Creative Pagosa: Makers in the community


Photo courtesy Paula Miller
Pagosa artist Paula Miller is listed in the Pagosa Arts and Culture registry and is a prominent member of the creative community — a MAKER in Pagosa Country. Miller favors painting large abstractions, using large, commercial brushes and thick acrylic paints.

The Pagosa Arts & Culture Project is building a web-based directory of all the creative people and businesses in the community.

By creating this website, it will make these MAKERS easier to find in online search engines and help share the wealth of innovative and talented individuals that call our small town home.

This sort of database is called “cultural mapping” and is being done in communities around the country in order to realize and recognize the value of their creative assets.

The Pagosa Arts & Culture Project is establishing the groundwork for continued collaboration and cooperation and promotional efforts of the combined community. The goal of the project is to establish a solid foundation of cultural and creative individuals and businesses, to create a viable plan for promoting these assets and to promote the Pagosa area as a worthy place of residence for creative people, a productive place for creative business ventures and a desirable destination for arts tourism.

At present, the PACP is also planning an event for fall 2013. The event, the MAKERS Expo and Tour, is set for Oct. 12-13.

To register and be listed in the database, go to

In order to highlight the MAKERS in Pagosa, the PACP will profile its members, giving readers of The PREVIEW a sense of the depth and breadth of the creative community.

This week’s MAKER is Paula Miller.

Q: Tell us a little about who you are, where you were born, educated, your family, growing up and how you came to be doing your creative work?

PM: I was raised in Wisconsin, the youngest of six kids. Art was a big part of my childhood. My mother, grandmother and great aunts all painted, yet I never picked up a brush. About 10 years ago I fell in love with an abstract painting hanging in a New York City gallery. It inspired me to see if I inherited my mom’s creative genes. I bought my first brush and canvas, and have been painting ever since.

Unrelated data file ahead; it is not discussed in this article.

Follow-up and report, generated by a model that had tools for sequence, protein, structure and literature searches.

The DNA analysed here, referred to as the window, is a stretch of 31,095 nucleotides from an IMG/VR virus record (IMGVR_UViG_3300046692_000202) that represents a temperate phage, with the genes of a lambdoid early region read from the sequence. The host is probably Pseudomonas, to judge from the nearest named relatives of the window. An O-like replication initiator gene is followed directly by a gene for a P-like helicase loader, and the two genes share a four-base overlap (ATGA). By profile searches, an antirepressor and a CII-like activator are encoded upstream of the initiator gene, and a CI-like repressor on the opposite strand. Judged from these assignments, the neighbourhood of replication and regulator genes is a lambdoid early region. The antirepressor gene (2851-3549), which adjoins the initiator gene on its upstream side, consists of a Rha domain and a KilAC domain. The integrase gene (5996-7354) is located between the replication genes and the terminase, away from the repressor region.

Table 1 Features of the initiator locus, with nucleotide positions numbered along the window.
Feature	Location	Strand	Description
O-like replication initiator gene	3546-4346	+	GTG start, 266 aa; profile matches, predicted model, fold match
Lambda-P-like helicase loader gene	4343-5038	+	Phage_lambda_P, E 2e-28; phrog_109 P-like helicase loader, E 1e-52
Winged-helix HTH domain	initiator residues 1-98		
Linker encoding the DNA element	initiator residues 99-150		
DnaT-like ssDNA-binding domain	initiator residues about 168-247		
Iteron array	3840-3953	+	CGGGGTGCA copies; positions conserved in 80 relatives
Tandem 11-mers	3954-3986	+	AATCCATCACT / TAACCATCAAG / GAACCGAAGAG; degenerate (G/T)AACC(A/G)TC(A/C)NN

Q: Describe the objects you make or the creative work you do.

PM: Everything I create is abstract. I choose colors and shapes that express where my mind is at the moment. Some paintings are emotionally charged reactions with bright, hard-edged swipes of color. Some have soft shapes and subtle shades. My hope is that each painting communicates something different to each person looking at it. That’s what I love about abstract art. It’s an entirely personal experience.

Q: What is your favorite tool or material used in making your work? Why?

PM: I love painting on oversized canvasses, using large commercial brushes and thick acrylic paints. The scale and texture bring life to the work.

Q: Do you have a regular routine or schedule?

PM: I wish I did. I paint when I’m inspired and I stop when I’m not. I’ll go weeks without picking up a brush, and then I’ll create five paintings over a weekend. If I’m not inspired, I can’t fake it.

Q: What’s the best advice anyone has ever given you?

PM: When I was little, my father told me: “It doesn’t matter that you’re a girl. You can be anything you want.” To this day that advice pushes me to try new things.

Q: When you’re not making art, what is your favorite thing to do in Pagosa country?

PM: I love to ski, bike and play with my dogs. There’s no better place to do this than in beautiful Pagosa Springs.

Q: What are your goals for the coming year?

PM: In the past, Wild Spirit Gallery featured my paintings in the Art for the Animals fund-raisers. Together we raised thousands of dollars for a local nonprofit. I’d like to continue using my work to raise money for local non-profits.

Q: What is your dream project?

PM: I can get lost for hours staring at Mark Rothko’s paintings in the Rothko Chapel in Houston. Someday I’d like to paint a huge wall in a public space where my work does that for others.

To view artwork from Paula Miller, visit her website at

This story was posted on March 28, 2013.